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New assay tool characterizes plant sugar transporters

July 28, 2014 4:54 pm | News | Comments

A powerful new tool that could help advance the genetic engineering of “fuel” crops bioenergy, has been developed by researchers with the Joint BioEnergy Institute. Their new, unique assay enabled them to analyze nucleotide sugar transporter activities in Arabidopsis, a promising source of plant biomass, and characterize a family of six nucleotide sugar transporters that has never before been described.

Cagey material acts as alcohol factory

July 28, 2014 2:37 pm | by Kate Greene, Lawrence Berkeley National Laboratory | News | Comments

Some chemical conversions are harder than others. Refining natural gas into an easy-to-transport, easy-to-store liquid alcohol has so far been a logistic and economic challenge. But now, a new material, designed and patented by researchers at Lawrence Berkeley National Laboratory, is making this process a little easier.

Understanding the source of extra-large capacities in promising Li-ion battery electrodes

July 28, 2014 8:15 am | by Laura Mgrdichian, Brookhaven National Laboratory | News | Comments

Lithium (Li)-ion batteries power almost all of the portable electronic devices that we use every day, including smartphones, cameras, toys and even electric cars. Researchers across the globe are working to find materials that will lead to safe, cheap, long-lasting and powerful Li-ion batteries.

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Study shows how to power California with wind, water and sun

July 25, 2014 6:49 am | by Rob Jordan, Stanford Univ. | News | Comments

New Stanford Univ. research outlines the path to a possible future for California in which renewable energy creates a healthier environment, generates jobs and stabilizes energy prices. Among other metrics, the plan calculates the number of new devices and jobs created, land and ocean areas required, and policies needed for infrastructure changes.

Study: Forward osmosis desalination not energy efficient

July 24, 2014 7:37 am | by Alissa Mallinson | MIT Dept. of Mechanical Engineering | News | Comments

In a recent study published in the Journal of Membrane Science, a Massachusetts Institute of Technology team reported that, contrary to popular support, forward osmosis desalination of seawater is significantly less energy efficient, compared to reverse osmosis. In forward osmosis, water is drawn from the seawater into a concentrated salt solution, known as a draw solution.

Spinach could lead to alternative energy more powerful than Popeye

July 23, 2014 4:07 pm | by Elizabeth K. Gardner, Purdue Univ. | News | Comments

Spinach gave Popeye super strength, but it also holds the promise of a different power for a group of scientists: the ability to convert sunlight into a clean, efficient alternative fuel. Purdue Univ. physicists are part of an international group using spinach to study the proteins involved in photosynthesis, the process by which plants convert the sun’s energy into carbohydrates used to power cellular processes.

NIST develops prototype meter test for hydrogen refueling stations

July 22, 2014 2:20 pm | News | Comments

Three automakers plan to begin selling hydrogen-fueled vehicles to consumers in 2015. To support the fair sale of gaseous hydrogen as a vehicle fuel, researchers at NIST have developed a prototype field test standard to test the accuracy of hydrogen fuel dispensers. Once the standard is field tested, it will serve as a model for constructing similar devices for state weights and measures inspectors to use.

Steam from the sun

July 21, 2014 7:55 am | by Jennifer Chu, MIT News Office | News | Comments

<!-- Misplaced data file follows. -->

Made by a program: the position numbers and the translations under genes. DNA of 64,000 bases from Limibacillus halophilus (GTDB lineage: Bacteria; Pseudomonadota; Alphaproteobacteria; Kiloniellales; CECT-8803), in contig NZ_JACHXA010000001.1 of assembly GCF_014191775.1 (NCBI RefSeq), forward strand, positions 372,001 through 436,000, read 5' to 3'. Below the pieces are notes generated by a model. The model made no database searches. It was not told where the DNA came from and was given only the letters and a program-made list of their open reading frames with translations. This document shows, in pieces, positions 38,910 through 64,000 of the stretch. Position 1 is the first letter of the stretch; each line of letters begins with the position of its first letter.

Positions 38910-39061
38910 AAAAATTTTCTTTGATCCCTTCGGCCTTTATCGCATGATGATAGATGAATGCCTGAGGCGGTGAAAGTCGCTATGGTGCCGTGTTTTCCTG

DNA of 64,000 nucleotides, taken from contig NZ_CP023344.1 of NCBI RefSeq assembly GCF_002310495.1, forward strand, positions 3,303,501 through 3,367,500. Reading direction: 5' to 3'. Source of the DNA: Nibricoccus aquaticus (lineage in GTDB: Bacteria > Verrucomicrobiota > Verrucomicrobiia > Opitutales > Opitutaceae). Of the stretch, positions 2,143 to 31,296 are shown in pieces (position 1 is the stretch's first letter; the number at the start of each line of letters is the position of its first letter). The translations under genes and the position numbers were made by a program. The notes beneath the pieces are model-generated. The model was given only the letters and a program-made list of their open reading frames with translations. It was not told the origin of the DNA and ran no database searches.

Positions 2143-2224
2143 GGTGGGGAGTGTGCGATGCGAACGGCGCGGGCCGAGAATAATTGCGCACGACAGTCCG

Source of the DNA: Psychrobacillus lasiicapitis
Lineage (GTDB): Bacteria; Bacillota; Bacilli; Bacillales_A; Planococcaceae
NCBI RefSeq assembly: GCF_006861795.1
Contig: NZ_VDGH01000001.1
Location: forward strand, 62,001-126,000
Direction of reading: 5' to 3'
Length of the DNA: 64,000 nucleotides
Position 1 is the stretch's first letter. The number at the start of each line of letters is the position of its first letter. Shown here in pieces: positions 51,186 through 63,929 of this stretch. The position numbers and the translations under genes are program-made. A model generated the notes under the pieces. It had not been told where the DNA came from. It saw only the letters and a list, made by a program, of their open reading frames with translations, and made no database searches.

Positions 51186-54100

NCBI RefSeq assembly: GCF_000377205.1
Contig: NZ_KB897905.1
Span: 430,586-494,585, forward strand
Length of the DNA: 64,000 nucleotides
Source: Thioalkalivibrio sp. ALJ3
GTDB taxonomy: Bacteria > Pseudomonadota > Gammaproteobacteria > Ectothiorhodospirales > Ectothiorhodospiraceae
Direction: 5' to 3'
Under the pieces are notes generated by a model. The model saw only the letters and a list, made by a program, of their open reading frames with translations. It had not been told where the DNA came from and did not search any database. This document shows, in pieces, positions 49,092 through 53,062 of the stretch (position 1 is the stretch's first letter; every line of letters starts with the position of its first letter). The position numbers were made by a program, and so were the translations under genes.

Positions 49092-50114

A new material structure developed at Massachusetts Institute of Technology generates steam by soaking up the sun. The structure—a layer of graphite flakes and an underlying carbon foam—is a porous, insulating material structure that floats on water. When sunlight hits the structure’s surface, it creates a hotspot in the graphite, drawing water up through the material’s pores, where it evaporates as steam.

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Mats made from shrimp chitin attract uranium like a magnet

July 18, 2014 11:16 am | News | Comments

A Univ. of Alabama start-up company, 525 Solutions, has received about $1.5 million from the federal government to refine an invention to extract uranium from the ocean for use as fuel. It is an adsorbent, biodegradable material made from the compound chitin, which is found in crustaceans and insects. The researchers have developed transparent sheets, or mats, comprised of tiny chitin fibers, which pull uranium from the water.

First ab initio method for characterizing hot carriers

July 18, 2014 8:19 am | by Lynn Yarris, Lawrence Berkeley National Laboratory | News | Comments

One of the major road blocks to the design and development of new, more efficient solar cells may have been cleared. Researchers with the Lawrence Berkeley National Laboratory have developed the first ab initio method for characterizing the properties of “hot carriers” in semiconductors. Hot carriers are electrical charge carriers with significantly higher energy than charge carriers at thermal equilibrium.

After hybrid success, Toyota gambles on fuel cell

July 17, 2014 8:55 am | by Yuri Kageyama, AP Business Writer | News | Comments

Long dismissed as too impractical and expensive for everyday cars, fuel cell technology is getting a push into the mainstream by Toyota, the world's top-selling automaker. Buoyed by its success with electric-gasoline hybrid vehicles, Toyota is betting that drivers will embrace hydrogen fuel cells, an even cleaner technology. The company’s fuel cell car will go on sale before April next year.

Labs characterize carbon for batteries

July 15, 2014 8:04 am | by Mike Williams, Rice Univ. | News | Comments

Lithium-ion batteries could benefit from a theoretical model created at Rice Univ. and Lawrence Livermore National Laboratory that predicts how carbon components will perform as electrodes. The model is based on intrinsic electronic characteristics of materials used as battery anodes. These include the material’s quantum capacitance and the material’s absolute Fermi level.